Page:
The United Nation’s Committee on the Rights of the Child is currently examining Panama’s record on children’s rights with the help of a report coauthored by Harvard Law School’s International Human Rights Clinic.
Produced in collaboration with Panamanian civil society groups, the report documents the serious failure of the juvenile detention system to protect the basic rights of children. It focuses on the now-notorious fire at Panama’s Tocumen juvenile detention center, which started when police threw tear gas bombs that ignited a mattress, and ended with seven boys burning in their cells while guards watched from outside the building.
Five of the boys died.
“Make no mistake about it: the fire at Tocumen was both foreseeable and preventable,” said HLS Visiting Professor James Cavallaro, former executive director of the school’s Human Rights Program. “Unless Panama changes its failed policies, tragedies such as these will continue to occur.”
The 26-page report, titled “Preventable Tragedy in Panama—Unnecessary Deaths and Rights Violations in Juvenile Detention Centers,” is based on visits to four detention centers and interviews there with some 75 children and adolescents; meetings with detention center agents, other officials and stakeholders; and a review of official documents and information from government sources. It includes a legal analysis, which describes Panama’s obligations under the Convention on the Rights of the Child and other international standards, and concludes that Panama has failed to protect the rights of juvenile detainees and has subjected them to cruel, inhuman, and degrading treatment.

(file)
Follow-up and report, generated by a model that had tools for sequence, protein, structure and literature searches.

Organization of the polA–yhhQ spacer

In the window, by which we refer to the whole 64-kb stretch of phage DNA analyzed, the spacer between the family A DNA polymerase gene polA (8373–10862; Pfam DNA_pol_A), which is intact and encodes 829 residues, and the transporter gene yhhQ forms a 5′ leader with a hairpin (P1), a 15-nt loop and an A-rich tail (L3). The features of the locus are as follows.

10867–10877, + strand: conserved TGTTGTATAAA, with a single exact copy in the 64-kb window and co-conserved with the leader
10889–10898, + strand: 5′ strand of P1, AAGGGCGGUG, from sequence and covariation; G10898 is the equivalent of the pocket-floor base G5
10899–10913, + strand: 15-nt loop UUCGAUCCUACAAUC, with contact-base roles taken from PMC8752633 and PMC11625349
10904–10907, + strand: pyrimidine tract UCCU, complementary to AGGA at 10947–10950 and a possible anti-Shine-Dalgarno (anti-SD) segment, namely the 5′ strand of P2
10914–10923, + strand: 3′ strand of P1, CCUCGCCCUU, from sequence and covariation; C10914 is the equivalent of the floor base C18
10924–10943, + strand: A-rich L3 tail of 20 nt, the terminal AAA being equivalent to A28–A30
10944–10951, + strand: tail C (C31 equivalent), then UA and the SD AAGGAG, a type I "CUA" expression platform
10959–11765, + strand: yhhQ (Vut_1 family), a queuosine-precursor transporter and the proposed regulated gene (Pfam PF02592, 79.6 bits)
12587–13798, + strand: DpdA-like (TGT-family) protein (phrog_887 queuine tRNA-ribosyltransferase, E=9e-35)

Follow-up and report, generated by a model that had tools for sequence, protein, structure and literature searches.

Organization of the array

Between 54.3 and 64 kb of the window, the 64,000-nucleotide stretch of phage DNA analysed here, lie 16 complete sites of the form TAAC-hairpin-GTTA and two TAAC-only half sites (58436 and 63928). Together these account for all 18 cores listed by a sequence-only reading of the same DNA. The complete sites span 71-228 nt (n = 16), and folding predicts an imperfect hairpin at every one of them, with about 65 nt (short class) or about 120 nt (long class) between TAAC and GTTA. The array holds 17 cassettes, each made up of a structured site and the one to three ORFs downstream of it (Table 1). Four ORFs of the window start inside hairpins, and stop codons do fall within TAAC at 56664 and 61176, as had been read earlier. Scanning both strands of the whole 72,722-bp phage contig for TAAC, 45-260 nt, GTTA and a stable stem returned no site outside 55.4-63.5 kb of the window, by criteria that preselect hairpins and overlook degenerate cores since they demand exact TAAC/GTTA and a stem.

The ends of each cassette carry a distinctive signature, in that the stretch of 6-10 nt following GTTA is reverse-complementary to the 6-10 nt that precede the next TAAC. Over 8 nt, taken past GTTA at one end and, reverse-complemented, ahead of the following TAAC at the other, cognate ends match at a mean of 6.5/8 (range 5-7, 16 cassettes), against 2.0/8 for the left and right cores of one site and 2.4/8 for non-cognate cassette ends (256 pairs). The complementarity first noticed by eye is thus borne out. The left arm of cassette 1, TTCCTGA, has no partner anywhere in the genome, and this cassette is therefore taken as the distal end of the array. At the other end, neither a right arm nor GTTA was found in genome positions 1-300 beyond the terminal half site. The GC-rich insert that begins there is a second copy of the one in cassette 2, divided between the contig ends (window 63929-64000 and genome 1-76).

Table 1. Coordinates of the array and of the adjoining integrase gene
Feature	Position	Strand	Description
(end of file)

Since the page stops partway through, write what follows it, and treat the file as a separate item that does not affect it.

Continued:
According to the report, juveniles throughout the Panamanian juvenile detention system are routinely deprived of basic necessities, like water, fresh air, and light. Prison administrators crowd juveniles into small cells, and allow them only a few hours of schooling or recreation per week. In interviews, juveniles described regular beatings by guards. They also reported being shot with rubber bullets and sprayed with tear gas.
The incident at Tocumen was not the first fire in a detention center, nor was it the last. A day before the U.N. Committee met to review Panama’s record, another fire broke out, this time at the Arco Iris detention center. At least a dozen juveniles suffered burns.
“As a nation rich in resources, Panama can and should do better,” said Virginia Corrigan ’11, a primary author of the report and a member of the IHRC team. “It’s a matter of political will.”
Sara Zampierin ’11 and Maria Luisa Romero ’08 also contributed to the report, which is part of a multi-year project on detention conditions in Panama. See a detailed summary of the IHRC findings and recommendations; download a copy of the report in English and in Spanish.
The U.N. committee began its regular evaluation of Panama in September, and is expected to provide its final conclusions and recommendations during its 58th session in September and October.